is that the arrest of KP -- known to be the nucleus of LTTE’s complex world wide web of arms procurement and financing -- dealt another blow to the already deflated LTTE. And since he was flown to Colombo on a special aircraft on Thursday night, authorities here are rubbing their hands in anticipation about the kind of inside information he could divulge about the LTTE’s global network.
There are pending warrants against the 55-year-old, issued from Chennai and Colombo. In India he is wanted for involvement in the assassination of former PM Rajiv Gandhi and there are cases against him under the arms act among others. Sri Lanka said on Friday that if there was any demand for extradition of KP by India, it will be considered in line with the International norms and conventions.
Information about KP had been scarce; under the category distinguishing marks and characteristics of KP, all that the Interpol – on his lookout for a while now -- has is ``hair combed sideways.’’
Before LTTE founder-chief V Prabhakaran died in May, Jaffna-born KP was the group’s international relation chief, carrying out diplomacy over email and telephone. He was in touch with top UN officials in May attempting to coax out a third-party ceasefire as the remains of the LTTE gasped for breath surrounded and hopelessly outnumbered by the Lankan army. He became the LTTE chief soon after. But not before a section of the pro-LTTE diaspora made it clear that KP might not be the right person for the job.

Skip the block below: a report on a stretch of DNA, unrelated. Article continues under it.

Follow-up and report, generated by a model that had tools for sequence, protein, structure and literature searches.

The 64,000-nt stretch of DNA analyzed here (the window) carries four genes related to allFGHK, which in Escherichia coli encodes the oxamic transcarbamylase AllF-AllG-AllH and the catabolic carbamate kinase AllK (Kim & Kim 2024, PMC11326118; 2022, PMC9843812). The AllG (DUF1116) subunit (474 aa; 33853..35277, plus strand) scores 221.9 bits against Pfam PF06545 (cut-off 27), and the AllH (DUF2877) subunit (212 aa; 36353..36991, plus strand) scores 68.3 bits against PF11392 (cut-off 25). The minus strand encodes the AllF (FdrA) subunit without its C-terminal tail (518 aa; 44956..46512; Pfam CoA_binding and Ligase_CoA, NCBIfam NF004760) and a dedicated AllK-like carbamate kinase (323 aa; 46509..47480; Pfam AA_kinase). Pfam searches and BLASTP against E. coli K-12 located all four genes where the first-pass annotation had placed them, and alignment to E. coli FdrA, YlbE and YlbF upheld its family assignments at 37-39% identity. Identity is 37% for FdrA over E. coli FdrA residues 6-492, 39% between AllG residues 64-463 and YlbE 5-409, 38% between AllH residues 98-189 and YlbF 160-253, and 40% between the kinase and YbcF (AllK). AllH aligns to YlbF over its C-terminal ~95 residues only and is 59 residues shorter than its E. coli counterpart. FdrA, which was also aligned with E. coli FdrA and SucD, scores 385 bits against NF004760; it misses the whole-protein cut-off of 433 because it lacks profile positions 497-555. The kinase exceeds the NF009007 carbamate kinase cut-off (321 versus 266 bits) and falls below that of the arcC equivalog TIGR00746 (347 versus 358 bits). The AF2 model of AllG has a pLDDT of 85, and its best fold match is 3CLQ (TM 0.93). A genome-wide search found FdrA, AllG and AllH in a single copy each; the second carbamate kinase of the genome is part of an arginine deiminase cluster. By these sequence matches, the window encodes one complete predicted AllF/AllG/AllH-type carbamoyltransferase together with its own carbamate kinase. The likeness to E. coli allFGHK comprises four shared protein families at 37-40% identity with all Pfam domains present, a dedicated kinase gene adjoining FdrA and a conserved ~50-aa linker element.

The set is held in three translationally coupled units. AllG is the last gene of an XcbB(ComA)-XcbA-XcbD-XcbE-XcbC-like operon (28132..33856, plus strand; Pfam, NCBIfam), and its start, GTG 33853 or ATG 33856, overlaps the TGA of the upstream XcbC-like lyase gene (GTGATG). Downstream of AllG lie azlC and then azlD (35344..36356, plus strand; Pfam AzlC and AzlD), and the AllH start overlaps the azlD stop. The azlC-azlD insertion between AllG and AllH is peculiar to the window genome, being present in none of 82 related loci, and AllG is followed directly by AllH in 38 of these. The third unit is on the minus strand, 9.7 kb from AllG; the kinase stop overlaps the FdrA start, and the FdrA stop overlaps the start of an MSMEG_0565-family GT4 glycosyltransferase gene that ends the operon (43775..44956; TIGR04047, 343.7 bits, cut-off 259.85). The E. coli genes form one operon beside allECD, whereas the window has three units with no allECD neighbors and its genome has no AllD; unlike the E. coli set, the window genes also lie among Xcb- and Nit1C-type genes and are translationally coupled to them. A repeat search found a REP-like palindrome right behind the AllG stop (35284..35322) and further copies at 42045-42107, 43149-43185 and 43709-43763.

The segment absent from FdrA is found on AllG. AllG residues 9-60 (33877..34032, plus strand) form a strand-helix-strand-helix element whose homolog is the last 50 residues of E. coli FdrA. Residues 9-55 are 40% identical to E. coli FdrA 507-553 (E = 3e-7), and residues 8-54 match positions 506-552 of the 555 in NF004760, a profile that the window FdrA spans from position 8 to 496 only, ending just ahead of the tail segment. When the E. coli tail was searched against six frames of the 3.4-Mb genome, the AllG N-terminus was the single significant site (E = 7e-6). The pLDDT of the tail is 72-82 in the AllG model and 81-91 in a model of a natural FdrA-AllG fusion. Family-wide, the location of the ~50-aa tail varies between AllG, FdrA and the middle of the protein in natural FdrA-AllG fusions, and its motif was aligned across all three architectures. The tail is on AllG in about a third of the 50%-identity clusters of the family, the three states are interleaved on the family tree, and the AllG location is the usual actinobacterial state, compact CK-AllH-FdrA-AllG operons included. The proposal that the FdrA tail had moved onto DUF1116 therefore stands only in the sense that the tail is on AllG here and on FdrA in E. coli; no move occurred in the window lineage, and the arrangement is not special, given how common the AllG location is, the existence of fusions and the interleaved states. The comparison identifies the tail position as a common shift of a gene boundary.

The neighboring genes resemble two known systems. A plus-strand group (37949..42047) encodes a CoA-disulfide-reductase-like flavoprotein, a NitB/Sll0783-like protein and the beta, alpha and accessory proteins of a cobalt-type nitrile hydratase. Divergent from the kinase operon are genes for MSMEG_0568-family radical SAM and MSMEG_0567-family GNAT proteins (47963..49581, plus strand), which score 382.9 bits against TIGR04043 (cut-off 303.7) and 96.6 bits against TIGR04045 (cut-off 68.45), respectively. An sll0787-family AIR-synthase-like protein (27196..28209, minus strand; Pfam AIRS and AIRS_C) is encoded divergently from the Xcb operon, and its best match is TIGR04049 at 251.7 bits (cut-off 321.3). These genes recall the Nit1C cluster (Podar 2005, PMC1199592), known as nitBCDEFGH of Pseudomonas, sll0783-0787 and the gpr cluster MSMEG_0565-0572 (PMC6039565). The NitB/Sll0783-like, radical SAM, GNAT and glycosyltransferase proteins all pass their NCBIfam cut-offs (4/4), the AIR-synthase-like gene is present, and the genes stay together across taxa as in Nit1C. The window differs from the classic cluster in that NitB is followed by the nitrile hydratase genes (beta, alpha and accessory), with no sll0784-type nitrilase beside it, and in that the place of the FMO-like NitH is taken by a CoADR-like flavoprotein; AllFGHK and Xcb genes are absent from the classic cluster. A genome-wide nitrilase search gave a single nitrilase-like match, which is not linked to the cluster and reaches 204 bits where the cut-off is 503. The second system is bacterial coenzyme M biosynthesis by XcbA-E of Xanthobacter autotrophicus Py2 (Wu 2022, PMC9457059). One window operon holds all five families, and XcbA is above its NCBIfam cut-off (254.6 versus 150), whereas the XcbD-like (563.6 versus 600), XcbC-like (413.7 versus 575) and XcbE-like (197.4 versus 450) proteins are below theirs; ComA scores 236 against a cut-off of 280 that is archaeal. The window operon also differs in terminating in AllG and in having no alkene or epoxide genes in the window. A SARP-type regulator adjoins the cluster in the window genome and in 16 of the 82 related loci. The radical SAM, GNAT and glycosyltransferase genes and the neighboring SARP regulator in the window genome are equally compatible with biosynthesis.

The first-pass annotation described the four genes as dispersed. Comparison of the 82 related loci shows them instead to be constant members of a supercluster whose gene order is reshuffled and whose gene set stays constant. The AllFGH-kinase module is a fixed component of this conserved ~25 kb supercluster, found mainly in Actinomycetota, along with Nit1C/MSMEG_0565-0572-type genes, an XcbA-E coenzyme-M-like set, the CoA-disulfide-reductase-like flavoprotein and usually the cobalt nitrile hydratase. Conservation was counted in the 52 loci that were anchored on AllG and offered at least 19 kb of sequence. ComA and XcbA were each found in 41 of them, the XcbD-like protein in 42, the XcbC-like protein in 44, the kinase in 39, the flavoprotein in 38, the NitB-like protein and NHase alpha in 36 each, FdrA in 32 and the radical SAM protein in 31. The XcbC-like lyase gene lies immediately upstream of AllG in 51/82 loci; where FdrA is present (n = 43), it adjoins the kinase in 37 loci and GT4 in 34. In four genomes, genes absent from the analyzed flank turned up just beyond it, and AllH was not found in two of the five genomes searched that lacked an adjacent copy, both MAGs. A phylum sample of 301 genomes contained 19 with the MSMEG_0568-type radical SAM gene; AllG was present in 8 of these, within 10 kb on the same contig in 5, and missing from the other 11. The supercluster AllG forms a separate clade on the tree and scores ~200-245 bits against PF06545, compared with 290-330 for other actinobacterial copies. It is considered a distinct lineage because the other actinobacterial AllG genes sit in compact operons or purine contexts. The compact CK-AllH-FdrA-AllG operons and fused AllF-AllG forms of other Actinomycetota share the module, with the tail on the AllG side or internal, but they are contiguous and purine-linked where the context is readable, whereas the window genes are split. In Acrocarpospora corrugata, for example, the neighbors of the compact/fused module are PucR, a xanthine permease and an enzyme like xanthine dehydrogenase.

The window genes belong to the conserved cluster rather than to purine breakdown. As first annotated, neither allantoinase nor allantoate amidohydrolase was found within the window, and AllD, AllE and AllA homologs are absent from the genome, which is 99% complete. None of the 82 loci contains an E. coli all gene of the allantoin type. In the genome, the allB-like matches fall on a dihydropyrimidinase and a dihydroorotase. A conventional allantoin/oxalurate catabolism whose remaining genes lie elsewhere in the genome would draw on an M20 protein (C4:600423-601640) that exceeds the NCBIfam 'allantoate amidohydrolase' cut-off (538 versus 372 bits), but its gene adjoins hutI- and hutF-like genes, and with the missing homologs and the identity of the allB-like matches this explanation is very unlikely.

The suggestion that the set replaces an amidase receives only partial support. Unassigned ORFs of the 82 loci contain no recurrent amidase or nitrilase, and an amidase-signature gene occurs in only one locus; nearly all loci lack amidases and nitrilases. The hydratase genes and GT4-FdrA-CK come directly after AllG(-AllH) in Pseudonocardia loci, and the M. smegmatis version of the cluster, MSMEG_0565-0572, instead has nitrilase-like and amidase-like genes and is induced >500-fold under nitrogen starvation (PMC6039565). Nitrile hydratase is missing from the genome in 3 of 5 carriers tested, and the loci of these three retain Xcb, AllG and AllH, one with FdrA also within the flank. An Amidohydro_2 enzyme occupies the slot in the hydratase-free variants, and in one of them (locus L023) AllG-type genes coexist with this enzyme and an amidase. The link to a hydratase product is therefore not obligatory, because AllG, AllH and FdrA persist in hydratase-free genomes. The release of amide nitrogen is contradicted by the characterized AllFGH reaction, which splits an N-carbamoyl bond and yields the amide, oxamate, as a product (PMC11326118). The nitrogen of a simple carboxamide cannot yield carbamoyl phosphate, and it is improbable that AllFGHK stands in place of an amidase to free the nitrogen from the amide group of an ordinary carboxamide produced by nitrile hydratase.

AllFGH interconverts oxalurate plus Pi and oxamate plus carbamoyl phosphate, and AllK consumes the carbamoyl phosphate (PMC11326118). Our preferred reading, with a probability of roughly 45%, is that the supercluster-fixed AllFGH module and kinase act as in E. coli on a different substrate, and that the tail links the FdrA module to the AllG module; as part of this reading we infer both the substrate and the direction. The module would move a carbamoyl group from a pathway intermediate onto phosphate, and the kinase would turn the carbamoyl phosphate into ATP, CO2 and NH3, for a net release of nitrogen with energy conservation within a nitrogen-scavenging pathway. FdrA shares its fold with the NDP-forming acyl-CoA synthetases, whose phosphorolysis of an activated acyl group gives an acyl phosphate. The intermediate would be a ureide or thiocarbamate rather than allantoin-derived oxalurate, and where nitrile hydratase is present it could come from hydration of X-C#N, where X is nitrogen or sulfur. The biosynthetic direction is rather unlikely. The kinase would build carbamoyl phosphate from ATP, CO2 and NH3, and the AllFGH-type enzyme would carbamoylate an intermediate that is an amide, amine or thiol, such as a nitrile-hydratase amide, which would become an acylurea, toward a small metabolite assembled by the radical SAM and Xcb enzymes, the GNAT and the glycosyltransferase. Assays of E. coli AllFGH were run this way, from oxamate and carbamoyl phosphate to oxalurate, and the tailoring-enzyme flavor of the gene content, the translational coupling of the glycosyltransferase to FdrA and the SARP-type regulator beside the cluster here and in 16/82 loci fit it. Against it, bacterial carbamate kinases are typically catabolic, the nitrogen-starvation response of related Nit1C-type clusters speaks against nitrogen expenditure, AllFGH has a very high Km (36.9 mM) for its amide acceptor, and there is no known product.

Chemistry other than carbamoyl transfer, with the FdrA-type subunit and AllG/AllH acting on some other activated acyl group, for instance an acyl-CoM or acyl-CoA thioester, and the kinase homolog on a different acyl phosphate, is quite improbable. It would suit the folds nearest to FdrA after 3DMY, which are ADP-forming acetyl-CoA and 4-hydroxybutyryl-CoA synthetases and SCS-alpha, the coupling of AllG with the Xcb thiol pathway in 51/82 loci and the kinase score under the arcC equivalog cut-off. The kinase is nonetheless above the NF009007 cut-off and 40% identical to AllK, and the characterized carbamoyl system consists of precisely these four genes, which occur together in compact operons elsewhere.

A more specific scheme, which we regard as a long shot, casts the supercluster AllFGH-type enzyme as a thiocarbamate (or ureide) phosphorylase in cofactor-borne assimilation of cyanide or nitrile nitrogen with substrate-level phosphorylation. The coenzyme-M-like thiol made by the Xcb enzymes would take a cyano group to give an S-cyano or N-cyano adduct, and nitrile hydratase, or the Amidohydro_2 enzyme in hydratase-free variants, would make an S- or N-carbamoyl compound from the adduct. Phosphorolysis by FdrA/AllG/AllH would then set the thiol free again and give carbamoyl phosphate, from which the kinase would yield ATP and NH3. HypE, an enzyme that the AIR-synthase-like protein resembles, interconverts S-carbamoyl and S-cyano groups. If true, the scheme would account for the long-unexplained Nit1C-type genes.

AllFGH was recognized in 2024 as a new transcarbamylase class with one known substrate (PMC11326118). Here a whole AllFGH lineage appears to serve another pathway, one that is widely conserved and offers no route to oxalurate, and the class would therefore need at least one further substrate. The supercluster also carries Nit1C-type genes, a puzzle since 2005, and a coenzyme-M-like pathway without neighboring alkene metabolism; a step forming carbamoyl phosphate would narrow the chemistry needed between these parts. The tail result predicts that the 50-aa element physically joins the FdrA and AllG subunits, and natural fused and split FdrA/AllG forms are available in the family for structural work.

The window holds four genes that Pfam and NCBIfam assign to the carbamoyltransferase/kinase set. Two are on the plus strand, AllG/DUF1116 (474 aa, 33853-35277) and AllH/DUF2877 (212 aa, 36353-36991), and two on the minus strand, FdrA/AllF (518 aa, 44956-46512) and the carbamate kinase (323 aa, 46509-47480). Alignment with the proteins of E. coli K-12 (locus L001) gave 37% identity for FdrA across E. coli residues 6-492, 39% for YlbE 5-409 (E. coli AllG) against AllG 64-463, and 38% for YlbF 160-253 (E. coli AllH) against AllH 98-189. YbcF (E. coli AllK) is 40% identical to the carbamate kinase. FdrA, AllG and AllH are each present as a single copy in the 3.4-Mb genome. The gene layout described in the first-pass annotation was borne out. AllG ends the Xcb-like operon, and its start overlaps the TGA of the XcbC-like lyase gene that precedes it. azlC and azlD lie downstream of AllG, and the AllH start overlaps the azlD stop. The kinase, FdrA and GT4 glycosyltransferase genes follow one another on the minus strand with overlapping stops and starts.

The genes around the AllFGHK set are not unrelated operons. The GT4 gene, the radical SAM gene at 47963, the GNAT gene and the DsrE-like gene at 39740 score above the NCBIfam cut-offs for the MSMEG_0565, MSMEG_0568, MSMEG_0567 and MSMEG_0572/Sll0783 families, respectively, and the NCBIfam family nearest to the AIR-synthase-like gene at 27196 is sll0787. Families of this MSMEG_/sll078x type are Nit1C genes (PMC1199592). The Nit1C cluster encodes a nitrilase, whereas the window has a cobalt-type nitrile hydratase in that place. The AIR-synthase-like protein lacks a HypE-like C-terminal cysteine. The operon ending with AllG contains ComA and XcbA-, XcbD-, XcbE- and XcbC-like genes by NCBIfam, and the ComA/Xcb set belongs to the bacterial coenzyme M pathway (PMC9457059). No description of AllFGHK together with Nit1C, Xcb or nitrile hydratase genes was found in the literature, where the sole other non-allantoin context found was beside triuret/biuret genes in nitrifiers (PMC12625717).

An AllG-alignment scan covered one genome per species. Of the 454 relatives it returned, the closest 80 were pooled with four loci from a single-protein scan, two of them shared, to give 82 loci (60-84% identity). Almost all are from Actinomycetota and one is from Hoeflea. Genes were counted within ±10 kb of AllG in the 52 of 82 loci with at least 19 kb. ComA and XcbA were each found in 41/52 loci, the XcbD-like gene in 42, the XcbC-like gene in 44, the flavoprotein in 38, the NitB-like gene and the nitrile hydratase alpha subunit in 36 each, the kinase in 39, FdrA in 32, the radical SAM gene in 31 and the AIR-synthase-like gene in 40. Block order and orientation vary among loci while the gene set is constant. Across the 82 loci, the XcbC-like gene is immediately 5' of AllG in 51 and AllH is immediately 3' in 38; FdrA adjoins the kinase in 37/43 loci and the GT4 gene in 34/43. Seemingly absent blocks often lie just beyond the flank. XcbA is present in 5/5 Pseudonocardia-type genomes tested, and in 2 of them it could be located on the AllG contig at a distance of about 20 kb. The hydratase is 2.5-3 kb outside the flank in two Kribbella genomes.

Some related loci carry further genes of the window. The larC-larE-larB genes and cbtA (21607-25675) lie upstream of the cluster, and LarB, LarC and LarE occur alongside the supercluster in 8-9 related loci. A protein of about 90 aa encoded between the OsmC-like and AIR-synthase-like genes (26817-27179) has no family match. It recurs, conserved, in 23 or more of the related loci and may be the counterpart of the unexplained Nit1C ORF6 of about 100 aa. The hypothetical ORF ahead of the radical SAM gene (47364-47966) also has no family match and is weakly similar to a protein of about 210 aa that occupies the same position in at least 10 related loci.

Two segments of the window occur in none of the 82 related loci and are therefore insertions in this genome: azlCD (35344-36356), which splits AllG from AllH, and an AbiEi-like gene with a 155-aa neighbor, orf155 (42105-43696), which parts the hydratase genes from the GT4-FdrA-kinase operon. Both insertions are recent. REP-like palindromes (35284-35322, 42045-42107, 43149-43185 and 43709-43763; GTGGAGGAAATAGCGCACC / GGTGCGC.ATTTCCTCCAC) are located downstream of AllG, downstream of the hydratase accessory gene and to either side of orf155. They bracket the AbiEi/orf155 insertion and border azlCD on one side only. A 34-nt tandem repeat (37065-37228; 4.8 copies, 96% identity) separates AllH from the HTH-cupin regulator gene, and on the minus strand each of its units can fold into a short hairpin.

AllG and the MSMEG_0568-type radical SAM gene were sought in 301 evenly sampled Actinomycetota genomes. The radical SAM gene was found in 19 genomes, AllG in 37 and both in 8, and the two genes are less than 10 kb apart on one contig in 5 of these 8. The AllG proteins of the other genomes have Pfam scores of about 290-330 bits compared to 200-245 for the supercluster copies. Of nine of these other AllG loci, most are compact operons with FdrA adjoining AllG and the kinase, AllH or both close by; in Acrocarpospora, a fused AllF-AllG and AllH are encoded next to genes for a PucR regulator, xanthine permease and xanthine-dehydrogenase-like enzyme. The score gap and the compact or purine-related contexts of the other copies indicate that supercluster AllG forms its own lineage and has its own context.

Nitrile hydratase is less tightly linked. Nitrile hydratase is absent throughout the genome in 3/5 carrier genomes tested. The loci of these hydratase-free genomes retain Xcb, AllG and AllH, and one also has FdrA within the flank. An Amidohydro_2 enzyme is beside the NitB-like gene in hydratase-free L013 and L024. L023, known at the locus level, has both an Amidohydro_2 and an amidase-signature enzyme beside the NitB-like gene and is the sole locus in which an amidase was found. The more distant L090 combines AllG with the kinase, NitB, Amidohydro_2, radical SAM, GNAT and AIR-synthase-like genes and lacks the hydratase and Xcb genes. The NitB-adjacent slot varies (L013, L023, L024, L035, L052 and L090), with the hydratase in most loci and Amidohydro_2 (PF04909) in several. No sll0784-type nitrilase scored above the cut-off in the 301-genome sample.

On Friday, the Sri Lankan government remained tightlipped about the sequence of events leading to the arrest. Initial reports on Thursday night had said he was arrested in Bangkok; on Friday morning, after Thai authorities denied it, it was claimed that KP was arrested in Kuala Lumpur jointly by Lankan and Malaysian police. He was then flown to Colombo via Bangkok. A purported statement from the LTTE, according to AP news agency, also said he was arrested in a hotel in the Malaysian capital. But Malaysian officials have declined to comment.
Lankan defence spokesperson, Keheliya Rambukwella, too refused to provide details of KP’s arrest, saying only that ``he was arrested within the Asian region’’ and was being questioned in Sri Lanka.
When asked whether New Delhi had been informed about the arrest of the fugitive LTTE leader and if India had made any observations in this regard, Rambukwella said, "it is known through reports that Pathmanathan was arrested"
Rambukwella said KP’s arrest showed that Sri Lanka was capable of defeating LTTE whenever it emerges.
Lately, KP had indicated in his writings that a peaceful approach to a Tamil homeland was needed.
In a blog entry, he wrote “As our liberation movement has decided to silence the guns and follow a politico-diplomatic path, our cadres in the homeland would follow this decision. Since we do not have an open political space in the homeland to engage in political activities, our cadres cannot openly engage in any political activities at this point in time.” At the same time, KP said it was expected by “certain sections” that the LTTE had to work with the government, and not confront it for the benefit of the people who were kept in the “internment camps.” For the time though, it would only be his interrogators confronting him.